CHESTERTON, Ind. — When Democratic Rep. Frank J. Mrvan was first elected in 2020, he won easily in this working-class district that’s been in Democratic hands for nearly a century.
Campaigning at the Northwest Indiana Area Labor Federation’s annual awards dinner last week, though, there was an edge in Mrvan’s voice.
Republicans are targeting the district — a union-heavy Democratic stronghold outside of Chicago — this year for the first time in decades in their campaign to retake the House in November. Conservative outside groups have invested millions of dollars into turn-out-the-vote efforts and TV ads bashing Mrvan, forcing Democrats to hustle to hold onto the seat.
“When you vote for and advocate for working men and women, you get powerful enemies,” Mrvan told about 100 union members and their families Thursday evening, imploring union leaders to talk their members on his behalf.
“I’m asking you, with every fiber of my being and every sense of urgency I have, don’t let big corporations buy this district,” he said.
The race will test whether Democrats can halt Republicans’ gains with the White working-class voters — including union members — who played a crucial role in electing Donald Trump in 2016. President Biden did slightly better with White voters without college degrees in 2020 than Hillary Clinton did four years earlier, although he won only 33 percent of them.
Democrats have held onto Mrvan’s seat until now in part because of its diversity: The district was about 17 percent Black and 17 percent Hispanic under the old lines, and its boundaries changed little in redistricting. But Republicans are increasingly competitive with Hispanic voters without college degrees, 41 percent of whom backed Trump in 2020.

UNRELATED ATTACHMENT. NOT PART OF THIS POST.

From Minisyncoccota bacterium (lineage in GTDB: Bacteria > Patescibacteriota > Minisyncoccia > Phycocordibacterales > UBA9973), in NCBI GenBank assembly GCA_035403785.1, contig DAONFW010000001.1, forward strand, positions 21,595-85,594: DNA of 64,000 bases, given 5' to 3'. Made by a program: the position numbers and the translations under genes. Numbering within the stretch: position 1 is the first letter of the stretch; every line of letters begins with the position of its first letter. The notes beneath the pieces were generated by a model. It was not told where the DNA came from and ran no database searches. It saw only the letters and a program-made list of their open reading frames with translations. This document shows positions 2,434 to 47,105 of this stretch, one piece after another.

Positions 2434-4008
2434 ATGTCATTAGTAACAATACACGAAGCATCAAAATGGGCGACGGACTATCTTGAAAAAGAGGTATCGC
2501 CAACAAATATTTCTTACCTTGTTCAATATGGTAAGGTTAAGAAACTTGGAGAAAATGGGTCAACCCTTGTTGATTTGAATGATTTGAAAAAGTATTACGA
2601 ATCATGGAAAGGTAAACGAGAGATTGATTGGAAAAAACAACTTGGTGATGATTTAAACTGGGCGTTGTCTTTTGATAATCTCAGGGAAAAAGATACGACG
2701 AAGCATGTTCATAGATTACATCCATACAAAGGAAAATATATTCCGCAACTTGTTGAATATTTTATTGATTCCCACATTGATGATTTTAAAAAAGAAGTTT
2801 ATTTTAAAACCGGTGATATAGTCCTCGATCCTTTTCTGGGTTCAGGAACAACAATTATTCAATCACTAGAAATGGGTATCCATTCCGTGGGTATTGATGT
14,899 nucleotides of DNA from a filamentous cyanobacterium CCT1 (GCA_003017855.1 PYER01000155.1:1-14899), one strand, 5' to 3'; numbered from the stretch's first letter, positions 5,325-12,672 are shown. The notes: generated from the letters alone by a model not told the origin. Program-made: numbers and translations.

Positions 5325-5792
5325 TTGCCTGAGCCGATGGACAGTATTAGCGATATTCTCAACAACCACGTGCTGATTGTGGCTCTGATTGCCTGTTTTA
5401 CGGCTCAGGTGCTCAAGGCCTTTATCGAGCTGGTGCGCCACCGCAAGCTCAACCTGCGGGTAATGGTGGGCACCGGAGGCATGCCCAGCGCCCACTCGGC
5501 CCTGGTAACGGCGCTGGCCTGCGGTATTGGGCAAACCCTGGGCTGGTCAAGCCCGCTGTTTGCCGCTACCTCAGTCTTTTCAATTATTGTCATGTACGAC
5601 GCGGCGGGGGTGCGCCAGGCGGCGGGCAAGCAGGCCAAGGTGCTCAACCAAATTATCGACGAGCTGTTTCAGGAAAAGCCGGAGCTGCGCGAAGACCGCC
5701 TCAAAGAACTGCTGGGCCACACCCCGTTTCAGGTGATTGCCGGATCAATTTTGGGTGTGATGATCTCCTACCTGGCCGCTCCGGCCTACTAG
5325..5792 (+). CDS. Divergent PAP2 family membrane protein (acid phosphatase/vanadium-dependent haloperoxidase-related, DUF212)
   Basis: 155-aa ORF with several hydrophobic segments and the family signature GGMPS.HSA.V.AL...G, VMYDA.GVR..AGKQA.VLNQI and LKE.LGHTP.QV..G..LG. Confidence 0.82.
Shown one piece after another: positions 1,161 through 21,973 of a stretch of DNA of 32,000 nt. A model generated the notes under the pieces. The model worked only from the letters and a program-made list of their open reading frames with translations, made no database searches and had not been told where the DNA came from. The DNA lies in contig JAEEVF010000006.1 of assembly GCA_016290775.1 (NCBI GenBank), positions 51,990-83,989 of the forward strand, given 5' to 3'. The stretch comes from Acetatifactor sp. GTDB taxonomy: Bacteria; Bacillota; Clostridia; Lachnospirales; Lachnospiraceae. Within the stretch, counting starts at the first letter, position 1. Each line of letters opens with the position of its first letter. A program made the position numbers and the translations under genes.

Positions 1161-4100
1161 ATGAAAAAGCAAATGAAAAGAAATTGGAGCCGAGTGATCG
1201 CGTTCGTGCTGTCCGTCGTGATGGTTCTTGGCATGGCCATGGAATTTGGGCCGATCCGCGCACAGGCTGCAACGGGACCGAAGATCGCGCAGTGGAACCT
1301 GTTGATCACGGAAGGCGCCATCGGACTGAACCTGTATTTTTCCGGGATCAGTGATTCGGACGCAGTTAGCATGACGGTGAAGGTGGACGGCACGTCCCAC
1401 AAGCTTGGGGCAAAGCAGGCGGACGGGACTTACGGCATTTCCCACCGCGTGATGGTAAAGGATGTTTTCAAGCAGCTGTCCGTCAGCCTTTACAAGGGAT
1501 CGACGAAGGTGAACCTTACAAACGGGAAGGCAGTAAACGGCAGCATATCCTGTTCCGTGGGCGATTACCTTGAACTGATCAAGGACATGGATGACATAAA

“This is an Achilles’ heel of the new Democratic Party,” said Chuck Rocha, who worked in the district while he was national political director for the United Steelworkers union and later became a senior adviser to Sen. Bernie Sanders’ presidential campaigns. “Our party is becoming a party that’s run by overeducated White folks, and we’re losing the messaging that made me join the Democrats in 1990 as a [union] rubber worker.”
Voters in Mrvan’s district — which includes the steelmaking cities of Gary and East Chicago and a swath of working-class and more affluent suburbs — have moved away from Democrats. Former president Barack Obama carried Mrvan’s district by 24 points in 2012, but Clinton won it by less than 13 points and Biden carried it by only eight points, even as Mrvan won by 16 points.
Former Democratic Rep. Peter J. Visclosky, a senior member of the House Appropriations Committee who championed the district’s steel industry, held the seat for decades before retiring two years ago. Republicans made little effort to win it in 2020, but they see an opportunity to oust Mrvan this year while he’s still relatively unknown and voters are demoralized by inflation.
Republicans have rallied around Jennifer-Ruth Green, a Black Air Force veteran who’s raised more money than Mrvan over the past six months and has benefited from Republican air support.
Congressional Leadership Fund, the flagship super PAC backing House Republicans, is spending $5.5 million on TV ads attacking Mrvan. House Majority PAC, the super PAC charged with defending Democrats’ House majority, and the Democratic Congressional Campaign Committee together have booked about $5 million in counterattacks.
“It’s gonna be close — closer than people think,” Randy Palmateer, the business manager of the Northwestern Indiana Building & Construction Trades Council, said on Thursday as he sipped a beer after Mrvan spoke at the union dinner. Two-thirds of the 47,000 union members Palmateer represents voted for Trump in 2020, he added.